Humans with Bouquets: Joy

When we were in New Orleans a couple of weeks ago, I had the pleasure of stopping by Joy Wilson's lovely home in the French Quarter for a little shoot. Oh, you don't know Joy Wilson? Sure you do...you just know her as Joy the Baker! If you are at all into cooking or baking, then you know that Joy has the most scrumptious blog about baking and cooking. Additionally, she has a certain way of captivating you by simply telling you what is going on around the Internet or elsewhere, what she did that day, or just downright pointing out something that you too just happened to be thinking of. So, in a way, Joy not only teaches you how to make amazingly delicious food in the easiest way, but when reading her blog, it is as though you are sitting down and having a cup of coffee with a friend. Her "Let it be Sunday" posts are a great example of this, and one of my fav blog series.

As a reader of Joy's blog, and someone who loves to make decadent food, I love the fact that she celebrates the usage of real ingredients such as butter, sugar, and chocolate. I mean, have you seen these black and white baked donuts? Her second book - Homemade Decadence - comes out in October. I am certainly looking forward to it!

As someone who loves to travel and isn't afraid of change, I loved hearing Joy's story on how and why she moved earlier this year to New Orleans and into her gorgeous home (built in the early 1800s). It's a gorgeous place, and filled with art and style (and a cat called Tron).

Thank you, Joy, for participating in my series. You are a breath of fresh air, and it was great spending time with you!

A little glimpse of the incredible natural light and art in Joy's home. Kiana Underwood / tulipina.com | Photography: N.R. Underwood / nruphoto.com

This balcony is even more amazing in person!! Kiana Underwood / tulipina.com | Photography: N.R. Underwood / nruphoto.com

Joy's kitchen, where all the magic happens. Kiana Underwood / tulipina.com | Photography: N.R. Underwood / nruphoto.com

Flowers: peony, anemone, rose, nigella, blushing bride Kiana Underwood / tulipina.com | Photography: N.R. Underwood / nruphoto.com

We walked around the neighborhood, which is oozing with charm. Kiana Underwood / tulipina.com | Photography: N.R. Underwood / nruphoto.com

And finally, these french doors + Joy + her bouquet - so much light and so much beauty in one image! Kiana Underwood / tulipina.com | Photography: N.R. Underwood / nruphoto.com

Credits:

Styling and design by Kiana Underwood Photography by N.R. Underwood

Humans with Bouquets: Navid

Today marks the birth of another series on Tulipina - Humans with Bouquets. I wanted to continue with the "how to" ideas, but also wanted to branch out into showing more bouquets this year. I have always loved the idea of people holding bouquets - no matter what size, age, or gender. People at a general level fascinate me, so, I combined these two elements and the lucky "chosen one" for my first post was my little guy (who patiently participated). Note: Making a bouquet is far easier if you do it while looking in a mirror from time to time. This allows you to see all angles while building it.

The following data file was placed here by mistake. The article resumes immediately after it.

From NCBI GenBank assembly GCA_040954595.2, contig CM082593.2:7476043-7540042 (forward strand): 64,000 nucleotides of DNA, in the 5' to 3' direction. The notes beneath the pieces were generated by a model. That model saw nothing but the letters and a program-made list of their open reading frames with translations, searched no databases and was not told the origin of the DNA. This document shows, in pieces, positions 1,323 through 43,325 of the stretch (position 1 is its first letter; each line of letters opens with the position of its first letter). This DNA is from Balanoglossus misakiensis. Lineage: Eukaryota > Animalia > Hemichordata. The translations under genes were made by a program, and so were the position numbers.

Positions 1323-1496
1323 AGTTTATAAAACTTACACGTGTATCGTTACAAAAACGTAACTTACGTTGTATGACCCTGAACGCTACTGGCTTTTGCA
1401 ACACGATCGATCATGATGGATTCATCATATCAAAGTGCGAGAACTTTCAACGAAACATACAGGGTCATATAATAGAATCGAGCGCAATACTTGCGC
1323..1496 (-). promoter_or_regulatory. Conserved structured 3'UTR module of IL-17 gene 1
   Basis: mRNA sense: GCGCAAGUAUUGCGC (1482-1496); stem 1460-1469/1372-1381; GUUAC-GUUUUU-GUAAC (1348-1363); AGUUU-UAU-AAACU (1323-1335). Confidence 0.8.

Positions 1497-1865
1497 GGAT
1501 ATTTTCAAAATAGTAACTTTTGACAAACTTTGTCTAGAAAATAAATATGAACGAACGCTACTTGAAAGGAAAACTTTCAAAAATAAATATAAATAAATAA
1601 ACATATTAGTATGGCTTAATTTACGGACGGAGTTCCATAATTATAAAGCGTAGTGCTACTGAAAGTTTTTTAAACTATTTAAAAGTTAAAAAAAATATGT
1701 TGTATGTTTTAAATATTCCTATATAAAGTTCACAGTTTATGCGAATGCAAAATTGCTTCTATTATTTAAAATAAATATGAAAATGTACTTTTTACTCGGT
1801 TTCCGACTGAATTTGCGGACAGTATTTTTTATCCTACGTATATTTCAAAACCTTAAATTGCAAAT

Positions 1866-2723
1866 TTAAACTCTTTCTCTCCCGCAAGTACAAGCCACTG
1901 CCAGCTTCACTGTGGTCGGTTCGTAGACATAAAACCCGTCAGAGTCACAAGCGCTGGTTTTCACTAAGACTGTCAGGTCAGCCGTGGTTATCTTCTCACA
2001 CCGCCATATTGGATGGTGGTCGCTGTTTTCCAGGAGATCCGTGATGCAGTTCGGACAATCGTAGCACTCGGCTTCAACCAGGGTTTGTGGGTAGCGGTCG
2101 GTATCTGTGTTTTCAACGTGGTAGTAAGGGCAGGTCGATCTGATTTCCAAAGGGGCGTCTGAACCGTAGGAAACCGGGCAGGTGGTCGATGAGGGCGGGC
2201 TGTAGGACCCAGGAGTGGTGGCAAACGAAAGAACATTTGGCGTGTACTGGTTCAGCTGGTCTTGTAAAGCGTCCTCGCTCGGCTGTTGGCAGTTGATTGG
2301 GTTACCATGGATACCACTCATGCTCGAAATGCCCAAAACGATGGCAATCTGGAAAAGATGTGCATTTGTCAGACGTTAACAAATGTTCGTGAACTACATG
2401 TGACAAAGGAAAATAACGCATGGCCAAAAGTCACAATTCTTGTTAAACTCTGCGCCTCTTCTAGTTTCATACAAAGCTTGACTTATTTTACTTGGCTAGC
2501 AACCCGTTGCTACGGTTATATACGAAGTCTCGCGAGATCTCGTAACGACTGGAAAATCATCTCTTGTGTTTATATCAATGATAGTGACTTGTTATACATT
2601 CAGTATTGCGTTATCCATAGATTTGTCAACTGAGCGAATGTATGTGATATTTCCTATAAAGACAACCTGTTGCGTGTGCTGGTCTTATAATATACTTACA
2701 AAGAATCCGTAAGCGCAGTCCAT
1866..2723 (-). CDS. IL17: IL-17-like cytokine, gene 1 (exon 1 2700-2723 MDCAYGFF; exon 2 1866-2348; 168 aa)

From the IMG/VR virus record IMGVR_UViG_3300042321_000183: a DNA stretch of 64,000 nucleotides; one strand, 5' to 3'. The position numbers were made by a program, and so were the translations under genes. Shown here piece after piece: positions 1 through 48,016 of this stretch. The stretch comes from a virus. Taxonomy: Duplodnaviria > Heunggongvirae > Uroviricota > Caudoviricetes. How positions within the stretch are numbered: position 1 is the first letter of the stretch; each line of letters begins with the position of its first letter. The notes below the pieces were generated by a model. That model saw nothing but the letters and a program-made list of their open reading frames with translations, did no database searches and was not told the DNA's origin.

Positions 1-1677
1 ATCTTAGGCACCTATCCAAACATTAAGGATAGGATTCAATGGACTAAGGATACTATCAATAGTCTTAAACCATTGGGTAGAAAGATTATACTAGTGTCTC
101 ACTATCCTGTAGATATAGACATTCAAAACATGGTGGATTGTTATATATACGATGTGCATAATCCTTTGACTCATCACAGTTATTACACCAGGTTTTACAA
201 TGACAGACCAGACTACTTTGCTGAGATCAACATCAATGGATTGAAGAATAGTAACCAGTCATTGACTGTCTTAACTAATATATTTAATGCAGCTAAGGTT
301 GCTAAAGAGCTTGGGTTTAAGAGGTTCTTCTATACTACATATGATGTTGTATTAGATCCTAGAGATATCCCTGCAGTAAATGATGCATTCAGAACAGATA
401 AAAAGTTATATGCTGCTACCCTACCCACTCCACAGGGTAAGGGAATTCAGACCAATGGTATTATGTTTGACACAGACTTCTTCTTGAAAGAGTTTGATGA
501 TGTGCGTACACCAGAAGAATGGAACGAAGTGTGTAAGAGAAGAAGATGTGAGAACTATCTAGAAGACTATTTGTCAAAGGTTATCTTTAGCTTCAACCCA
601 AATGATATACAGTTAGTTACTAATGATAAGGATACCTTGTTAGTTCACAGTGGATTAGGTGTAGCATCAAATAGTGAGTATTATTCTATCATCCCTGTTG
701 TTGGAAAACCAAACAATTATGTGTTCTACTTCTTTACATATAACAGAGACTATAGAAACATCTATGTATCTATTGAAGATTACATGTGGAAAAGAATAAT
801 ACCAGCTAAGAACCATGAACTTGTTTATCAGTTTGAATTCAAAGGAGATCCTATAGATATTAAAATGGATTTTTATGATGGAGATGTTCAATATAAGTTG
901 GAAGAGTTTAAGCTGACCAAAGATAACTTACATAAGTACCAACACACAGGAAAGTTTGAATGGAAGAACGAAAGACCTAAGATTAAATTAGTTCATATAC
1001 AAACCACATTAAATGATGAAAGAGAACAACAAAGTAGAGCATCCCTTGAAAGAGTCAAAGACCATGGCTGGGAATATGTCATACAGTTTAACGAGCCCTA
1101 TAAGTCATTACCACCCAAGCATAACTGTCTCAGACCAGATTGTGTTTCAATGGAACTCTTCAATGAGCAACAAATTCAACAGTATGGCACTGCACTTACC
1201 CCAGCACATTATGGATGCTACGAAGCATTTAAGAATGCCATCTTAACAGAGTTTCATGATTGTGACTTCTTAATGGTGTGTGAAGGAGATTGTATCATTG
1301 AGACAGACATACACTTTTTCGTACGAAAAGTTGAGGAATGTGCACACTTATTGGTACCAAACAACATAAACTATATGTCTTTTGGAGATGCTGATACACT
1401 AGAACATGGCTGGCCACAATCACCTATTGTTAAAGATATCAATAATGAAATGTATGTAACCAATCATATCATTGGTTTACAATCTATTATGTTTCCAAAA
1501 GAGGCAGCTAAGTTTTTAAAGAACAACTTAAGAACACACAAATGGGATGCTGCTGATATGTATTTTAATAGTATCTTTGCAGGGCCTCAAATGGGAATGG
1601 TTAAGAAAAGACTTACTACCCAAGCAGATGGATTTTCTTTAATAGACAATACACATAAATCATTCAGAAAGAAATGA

Kiana Underwood / tulipina.com | Photography: N. Underwood / nruphoto.com

Flowers (left to right): jasmine, sweet pea, ranunculus, astilbe, tea rose, peony, juliet garden rose, blushing bride Kiana Underwood / tulipina.com | Photography: N. Underwood / nruphoto.com

Begin by making a small bouquet containing the items that you want in the center. Kiana Underwood / tulipina.com | Photography: N. Underwood / nruphoto.com

Continue to add around the center - small flowers in between the larger ones that you want as a focal point. I certainly wanted my juliets and the peonies as the focal point. The astilbe, sweet pea, and the blushing bride, although smaller, add an over all richness to the bouquet. Kiana Underwood / tulipina.com | Photography: N. Underwood / nruphoto.com

Kiana Underwood / tulipina.com | Photography: N. Underwood / nruphoto.com

I saved the jasmine for last, because I wanted it to stand out and add a whimsical quality. I loosely added them around the side of the bouquet so that they wouldn't get hidden. Kiana Underwood / tulipina.com | Photography: N. Underwood / nruphoto.com

Once you are satisfied with the fullness of your bouquet, you can tie it with a string, then wrap it with floral tape (to keep all the flowers in place and secure), and finally wrap it with ribbon. Kiana Underwood / tulipina.com | Photography: N. Underwood / nruphoto.com

Kiana Underwood / tulipina.com | Photography: N. Underwood / nruphoto.com

Credits:

Styling and design by Kiana Underwood Photography by N. Underwood

Unique Vessels: Wooden Terrarium

Pottery Barn was kind enough to send me this wonderful little wooden terrarium, and I thought that it would look lovely with a selection of white vases and brightly colored flowers. One might usually put some potted green plants or herbs in a terrarium, but I wanted to put together something that would work well both open and closed, and that would catch the eye with color even from the corner of a large room.

Kiana Underwood / tulipina.com

Kiana Underwood / tulipina.com

Small Wooden Conservatory Terrarium Kiana Underwood / tulipina.com

A selection of small white vases works nicely inside Kiana Underwood / tulipina.com

Flowers: chestnut, sweet pea, craspedia, begonia, blushing bride, maidenhair fern Kiana Underwood / tulipina.com

Kiana Underwood / tulipina.com

Kiana Underwood / tulipina.com

Kiana Underwood / tulipina.com

Kiana Underwood / tulipina.com

Credits:

Styling and design by Kiana Underwood Photography by N. Underwood Wooden Conservatory Terrarium (small) available at Pottery Barn